Political Science 564
Fall 2010
Tue & Thu 2-3:15
Swift 719
Professor Laura Dudley Jenkins
Office 1115 Crosley Tower
Email [email protected]
Phone/voicemail 556-3308
Office Hours Tu and Thu
11:00-12:00 or by appt
Politics of South Asia
Course Description
Students in this course will analyze the many forms of government and politics in South
Asia, which includes India, Pakistan, Bangladesh, Afghanistan, Sri Lanka, Nepal and
Burma, with a particular emphasis on India, the world’s largest and most culturally
diverse democracy. Majors themes include (1) democratization and state building (1) the
impact of globalization, and (3) religion and politics. We will explore both conflict and
peace, riots and rights. This course is appropriate for both majors and non-majors with
an interest in this region and will allow students to develop the background and
conceptual tools necessary to analyze politics in an area of the world that is increasingly
in the news.
Learning Objectives
Students will interpret South Asian politics using basic comparative political
science concepts, including democratization, globalization, and civil society, by
comparing and contrasting different perspectives and policies.
Students will debate major questions political scientists are asking about South
Asia (such as: Why does democracy succeed in some South Asian countries and not in
others? How do religious traditions influence policies regarding women? ) and evaluate
the different methods and approaches researchers use to answer these questions.
Students will analyze political issues arising out of individual or cultural
differences such as those based on language, religion and/or caste.
Requirements
1. Readings
Course readings will be available on Blackboard. http://blackboard.uc.edu
Students are expected to read the assigned readings before class and come prepared with
questions and comments. Students are also expected to regularly read a newspaper,
newsmagazine, or website with substantial international news coverage, such as the New
York Times, Financial Times, Washington Post, or Economist, or the following news
sources, which have more coverage of South Asia than most US-based sources:
http://www.thehindu.com/
http://timesofindia.indiatimes.com/
http://www.bbc.co.uk/news/world/south_asia/
One can access a range of international newspapers through the Langsam Library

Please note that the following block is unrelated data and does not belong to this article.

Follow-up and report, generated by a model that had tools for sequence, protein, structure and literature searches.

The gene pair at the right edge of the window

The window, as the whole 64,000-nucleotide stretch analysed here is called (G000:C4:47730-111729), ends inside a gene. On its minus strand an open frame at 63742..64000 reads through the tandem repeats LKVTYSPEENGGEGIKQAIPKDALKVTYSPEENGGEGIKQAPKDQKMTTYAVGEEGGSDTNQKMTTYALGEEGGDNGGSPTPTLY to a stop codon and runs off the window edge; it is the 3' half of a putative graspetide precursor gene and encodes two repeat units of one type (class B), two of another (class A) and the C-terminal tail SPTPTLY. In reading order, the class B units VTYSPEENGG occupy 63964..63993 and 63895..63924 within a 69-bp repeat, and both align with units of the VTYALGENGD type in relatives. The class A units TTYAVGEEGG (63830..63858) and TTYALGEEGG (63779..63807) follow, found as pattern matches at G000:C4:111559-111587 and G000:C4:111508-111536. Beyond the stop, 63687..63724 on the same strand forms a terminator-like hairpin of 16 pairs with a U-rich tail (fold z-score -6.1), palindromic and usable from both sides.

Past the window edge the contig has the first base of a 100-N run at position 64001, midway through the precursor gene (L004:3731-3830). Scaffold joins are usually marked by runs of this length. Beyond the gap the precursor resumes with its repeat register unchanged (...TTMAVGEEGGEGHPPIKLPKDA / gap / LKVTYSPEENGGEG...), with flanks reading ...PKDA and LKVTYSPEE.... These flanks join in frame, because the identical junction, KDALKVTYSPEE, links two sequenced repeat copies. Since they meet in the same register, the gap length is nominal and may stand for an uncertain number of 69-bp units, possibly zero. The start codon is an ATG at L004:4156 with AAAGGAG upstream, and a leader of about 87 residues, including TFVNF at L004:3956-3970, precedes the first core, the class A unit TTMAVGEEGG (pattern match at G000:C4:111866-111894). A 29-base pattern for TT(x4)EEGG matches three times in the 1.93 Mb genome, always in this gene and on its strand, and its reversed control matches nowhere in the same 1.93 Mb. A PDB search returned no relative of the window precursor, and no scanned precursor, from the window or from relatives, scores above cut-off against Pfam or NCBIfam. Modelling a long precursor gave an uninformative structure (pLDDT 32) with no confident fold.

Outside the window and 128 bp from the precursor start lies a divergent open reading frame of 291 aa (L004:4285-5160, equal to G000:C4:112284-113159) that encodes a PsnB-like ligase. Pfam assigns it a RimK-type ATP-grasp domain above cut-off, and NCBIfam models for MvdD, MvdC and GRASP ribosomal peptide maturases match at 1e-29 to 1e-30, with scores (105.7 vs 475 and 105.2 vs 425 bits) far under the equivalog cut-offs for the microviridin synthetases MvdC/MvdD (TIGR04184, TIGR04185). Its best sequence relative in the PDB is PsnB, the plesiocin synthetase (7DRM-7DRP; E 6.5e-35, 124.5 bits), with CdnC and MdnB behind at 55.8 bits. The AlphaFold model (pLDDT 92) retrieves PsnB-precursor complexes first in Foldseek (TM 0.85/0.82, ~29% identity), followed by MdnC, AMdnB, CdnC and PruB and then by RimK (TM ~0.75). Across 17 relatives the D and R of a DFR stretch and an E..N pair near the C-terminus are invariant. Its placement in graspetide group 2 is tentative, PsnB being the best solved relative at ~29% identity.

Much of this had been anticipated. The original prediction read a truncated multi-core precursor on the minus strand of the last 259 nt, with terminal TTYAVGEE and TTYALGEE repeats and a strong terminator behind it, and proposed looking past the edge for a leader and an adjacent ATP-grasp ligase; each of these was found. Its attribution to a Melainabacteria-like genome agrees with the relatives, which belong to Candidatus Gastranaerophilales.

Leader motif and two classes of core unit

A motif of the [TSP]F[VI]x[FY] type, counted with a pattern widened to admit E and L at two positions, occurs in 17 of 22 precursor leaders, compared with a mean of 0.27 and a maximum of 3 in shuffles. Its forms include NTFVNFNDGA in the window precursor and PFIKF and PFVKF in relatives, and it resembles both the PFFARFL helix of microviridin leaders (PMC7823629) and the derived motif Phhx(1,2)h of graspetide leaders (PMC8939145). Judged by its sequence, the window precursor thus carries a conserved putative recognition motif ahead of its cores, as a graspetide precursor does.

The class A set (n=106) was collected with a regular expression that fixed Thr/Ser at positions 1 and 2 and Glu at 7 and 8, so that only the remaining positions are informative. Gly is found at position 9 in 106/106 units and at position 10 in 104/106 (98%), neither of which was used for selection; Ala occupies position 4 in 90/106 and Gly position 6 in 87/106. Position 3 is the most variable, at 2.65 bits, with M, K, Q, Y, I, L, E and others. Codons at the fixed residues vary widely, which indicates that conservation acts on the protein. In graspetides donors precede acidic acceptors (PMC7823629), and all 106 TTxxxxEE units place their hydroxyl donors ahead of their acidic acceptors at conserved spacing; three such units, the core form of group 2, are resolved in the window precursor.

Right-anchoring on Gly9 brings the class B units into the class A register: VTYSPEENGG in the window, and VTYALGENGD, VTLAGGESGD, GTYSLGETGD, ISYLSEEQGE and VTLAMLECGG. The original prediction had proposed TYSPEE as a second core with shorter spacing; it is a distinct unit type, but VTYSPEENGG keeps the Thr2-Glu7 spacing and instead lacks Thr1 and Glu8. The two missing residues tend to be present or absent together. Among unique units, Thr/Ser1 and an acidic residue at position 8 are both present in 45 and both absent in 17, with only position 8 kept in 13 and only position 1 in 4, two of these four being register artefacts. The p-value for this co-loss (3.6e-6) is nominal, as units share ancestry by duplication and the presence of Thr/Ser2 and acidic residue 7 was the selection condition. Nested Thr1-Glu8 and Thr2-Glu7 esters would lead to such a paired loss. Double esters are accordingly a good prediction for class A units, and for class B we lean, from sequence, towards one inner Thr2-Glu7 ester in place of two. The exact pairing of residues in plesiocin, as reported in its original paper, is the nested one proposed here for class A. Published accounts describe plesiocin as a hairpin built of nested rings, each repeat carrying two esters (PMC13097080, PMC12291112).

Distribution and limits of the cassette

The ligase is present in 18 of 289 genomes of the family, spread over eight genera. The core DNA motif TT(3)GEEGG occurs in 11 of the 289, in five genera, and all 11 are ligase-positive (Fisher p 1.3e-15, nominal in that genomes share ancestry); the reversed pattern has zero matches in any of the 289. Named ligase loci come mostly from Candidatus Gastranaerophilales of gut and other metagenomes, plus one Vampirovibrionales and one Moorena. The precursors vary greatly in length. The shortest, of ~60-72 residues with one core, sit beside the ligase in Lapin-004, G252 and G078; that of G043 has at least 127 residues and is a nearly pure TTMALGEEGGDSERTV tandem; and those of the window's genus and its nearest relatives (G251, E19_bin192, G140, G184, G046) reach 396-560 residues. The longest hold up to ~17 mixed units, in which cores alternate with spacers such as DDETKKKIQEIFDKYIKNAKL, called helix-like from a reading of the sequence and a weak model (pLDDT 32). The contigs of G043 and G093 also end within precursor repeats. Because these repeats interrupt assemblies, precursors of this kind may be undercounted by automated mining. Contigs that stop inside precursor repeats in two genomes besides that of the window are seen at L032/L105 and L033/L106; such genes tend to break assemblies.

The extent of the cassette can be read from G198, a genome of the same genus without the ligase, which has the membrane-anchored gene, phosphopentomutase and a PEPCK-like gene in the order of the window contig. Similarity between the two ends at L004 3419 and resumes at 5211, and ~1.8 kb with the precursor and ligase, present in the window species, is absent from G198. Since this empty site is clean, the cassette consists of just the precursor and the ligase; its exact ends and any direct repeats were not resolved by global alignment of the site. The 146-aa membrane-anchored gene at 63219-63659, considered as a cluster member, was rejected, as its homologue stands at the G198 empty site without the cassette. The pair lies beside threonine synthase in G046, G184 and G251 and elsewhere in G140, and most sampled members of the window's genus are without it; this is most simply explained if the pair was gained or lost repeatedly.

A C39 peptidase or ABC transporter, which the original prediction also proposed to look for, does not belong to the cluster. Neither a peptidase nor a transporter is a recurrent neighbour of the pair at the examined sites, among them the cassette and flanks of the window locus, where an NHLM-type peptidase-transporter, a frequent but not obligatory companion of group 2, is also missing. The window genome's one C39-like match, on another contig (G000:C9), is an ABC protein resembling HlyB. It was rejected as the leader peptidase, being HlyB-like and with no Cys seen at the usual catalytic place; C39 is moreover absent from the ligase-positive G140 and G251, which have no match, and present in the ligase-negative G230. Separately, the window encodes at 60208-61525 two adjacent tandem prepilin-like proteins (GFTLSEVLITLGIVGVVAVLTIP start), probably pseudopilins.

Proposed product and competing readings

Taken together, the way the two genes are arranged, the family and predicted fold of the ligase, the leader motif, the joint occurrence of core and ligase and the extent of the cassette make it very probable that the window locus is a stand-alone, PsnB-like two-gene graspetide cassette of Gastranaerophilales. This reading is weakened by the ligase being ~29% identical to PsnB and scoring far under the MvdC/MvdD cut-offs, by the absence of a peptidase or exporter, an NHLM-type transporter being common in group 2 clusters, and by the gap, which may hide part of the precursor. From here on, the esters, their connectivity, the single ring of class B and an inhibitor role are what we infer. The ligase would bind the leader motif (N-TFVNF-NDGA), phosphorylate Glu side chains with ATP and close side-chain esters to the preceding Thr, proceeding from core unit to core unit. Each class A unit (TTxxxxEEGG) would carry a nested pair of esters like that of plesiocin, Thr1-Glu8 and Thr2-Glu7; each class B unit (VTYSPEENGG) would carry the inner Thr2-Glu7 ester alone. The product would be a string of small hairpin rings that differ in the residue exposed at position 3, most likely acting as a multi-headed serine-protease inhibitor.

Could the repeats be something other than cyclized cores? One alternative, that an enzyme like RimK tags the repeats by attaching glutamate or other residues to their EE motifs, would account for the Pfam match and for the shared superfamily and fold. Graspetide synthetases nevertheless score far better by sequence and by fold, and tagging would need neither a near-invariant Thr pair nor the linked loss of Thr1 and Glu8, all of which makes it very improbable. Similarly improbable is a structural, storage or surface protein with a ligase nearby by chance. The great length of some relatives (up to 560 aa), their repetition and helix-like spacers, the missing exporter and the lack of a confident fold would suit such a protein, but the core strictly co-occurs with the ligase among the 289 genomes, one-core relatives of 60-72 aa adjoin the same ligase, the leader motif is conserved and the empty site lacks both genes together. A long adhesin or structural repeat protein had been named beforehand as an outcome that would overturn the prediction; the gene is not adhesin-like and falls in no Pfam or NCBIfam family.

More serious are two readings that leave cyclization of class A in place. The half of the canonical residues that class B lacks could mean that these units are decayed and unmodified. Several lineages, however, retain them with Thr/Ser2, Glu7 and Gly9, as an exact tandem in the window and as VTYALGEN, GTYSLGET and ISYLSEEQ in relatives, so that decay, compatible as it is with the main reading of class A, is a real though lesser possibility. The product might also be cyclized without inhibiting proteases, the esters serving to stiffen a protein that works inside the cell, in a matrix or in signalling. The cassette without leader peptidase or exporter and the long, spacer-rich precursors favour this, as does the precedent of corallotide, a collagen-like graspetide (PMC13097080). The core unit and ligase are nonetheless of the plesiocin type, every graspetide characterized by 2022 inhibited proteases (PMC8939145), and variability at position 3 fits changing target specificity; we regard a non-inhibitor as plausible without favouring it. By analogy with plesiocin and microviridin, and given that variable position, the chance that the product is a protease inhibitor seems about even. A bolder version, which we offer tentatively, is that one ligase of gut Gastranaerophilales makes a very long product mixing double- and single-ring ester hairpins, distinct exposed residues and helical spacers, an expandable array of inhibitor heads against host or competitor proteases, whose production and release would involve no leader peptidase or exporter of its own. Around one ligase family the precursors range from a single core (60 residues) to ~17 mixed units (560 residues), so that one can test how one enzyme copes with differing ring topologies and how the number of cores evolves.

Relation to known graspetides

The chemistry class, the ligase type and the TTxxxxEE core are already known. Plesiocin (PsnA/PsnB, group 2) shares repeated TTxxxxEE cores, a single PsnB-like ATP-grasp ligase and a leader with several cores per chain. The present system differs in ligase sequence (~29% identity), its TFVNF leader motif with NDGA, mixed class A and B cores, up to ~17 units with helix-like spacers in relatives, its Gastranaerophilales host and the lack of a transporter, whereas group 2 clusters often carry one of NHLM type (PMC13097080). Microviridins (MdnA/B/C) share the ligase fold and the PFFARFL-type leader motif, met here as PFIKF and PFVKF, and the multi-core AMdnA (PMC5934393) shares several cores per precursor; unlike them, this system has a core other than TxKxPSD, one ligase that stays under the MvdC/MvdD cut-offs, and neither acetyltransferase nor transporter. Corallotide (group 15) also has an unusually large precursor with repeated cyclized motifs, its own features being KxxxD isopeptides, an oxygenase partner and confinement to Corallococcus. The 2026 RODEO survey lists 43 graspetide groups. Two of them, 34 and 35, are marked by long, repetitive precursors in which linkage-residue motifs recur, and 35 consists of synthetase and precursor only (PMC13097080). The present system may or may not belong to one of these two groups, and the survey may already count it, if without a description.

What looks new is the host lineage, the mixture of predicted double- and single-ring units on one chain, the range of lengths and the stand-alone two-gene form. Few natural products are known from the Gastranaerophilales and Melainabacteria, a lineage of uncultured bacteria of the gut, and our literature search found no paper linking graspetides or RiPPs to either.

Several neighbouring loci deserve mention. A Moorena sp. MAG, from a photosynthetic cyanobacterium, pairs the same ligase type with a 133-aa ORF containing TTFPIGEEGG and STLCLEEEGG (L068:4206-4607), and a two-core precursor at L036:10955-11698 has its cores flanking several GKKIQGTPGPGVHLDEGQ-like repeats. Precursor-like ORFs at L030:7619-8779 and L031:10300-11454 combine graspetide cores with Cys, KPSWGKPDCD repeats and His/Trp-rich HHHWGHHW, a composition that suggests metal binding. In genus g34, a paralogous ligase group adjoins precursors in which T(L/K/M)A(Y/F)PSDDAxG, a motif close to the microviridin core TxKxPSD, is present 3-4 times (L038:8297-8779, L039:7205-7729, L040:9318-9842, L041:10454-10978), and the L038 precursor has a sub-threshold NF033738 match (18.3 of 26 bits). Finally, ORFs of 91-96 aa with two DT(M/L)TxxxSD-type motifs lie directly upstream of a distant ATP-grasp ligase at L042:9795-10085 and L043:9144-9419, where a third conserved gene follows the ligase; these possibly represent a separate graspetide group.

periodicals section or through Lexis Nexis, available through the Langsam webpage.
Students could also listen to “Morning Edition” or “All Things Considered” on public
radio, or watch the PBS News Hour (also available online).
2. Response Papers
Students will write 1-2 page, typed, double-spaced papers responding to the assigned
readings. Half of the class will write papers on the readings assigned on Tuesdays. These
papers are to be posted to Blackboard by the day before class (Monday) at noon. The
other half of the class will write papers on each Thursday’s readings. These papers are to
be posted to blackboard by the day before class (Wednesday) at noon. No late papers. No
papers for readings on 11/2, 11/4, 11/30, 12/2. Undergrads write 7 total out of the 8
opportunities to write response papers (marked on the schedule of readings). In other
words, undergrads can pick one response paper to skip with no penalty. For the weeks
with Thursday holidays (Veteran’s Day and Thanksgiving), all students write responses
to Tues readings. Grads write 10 papers.
3. Individual research project (graduate students only). See me (soon).
8-10 pages, 10 sources, including some academic journal articles
4. Exam
Exam on readings, lectures and class discussions will be essay exam.
Advice on taking an essay exam:
http://www.indiana.edu/~wts/pamphlets/essay_exam.shtml
Final Exam: Thu Dec 9, 4-6 pm
Grades will be determined on the following basis
Undergraduate students
1/2 response papers (7), class discussion
1/2 final exam
Graduate students
1/3 response papers (10), discussion
1/3 research paper
1/3 final exam
Be aware of the withdrawal deadlines. There will be no makeup exams. If there are
extraordinary (medical) circumstances and arrangements are made with the professor
prior to the exam, an alternative test may be given to compensate for that portion of the
grade. This syllabus is subject to modification.
Some of the topics covered are controversial and can evoke strong opinions. In this class
all points of view will be listened to and respectfully considered.
The University Rules, including the Student Code of Conduct, and other documented
policies of the department, college, and university related to academic integrity will be
enforced. Any violation of these regulations, including acts of plagiarism or cheating,
will be dealt with on an individual basis according to the severity of the misconduct. It is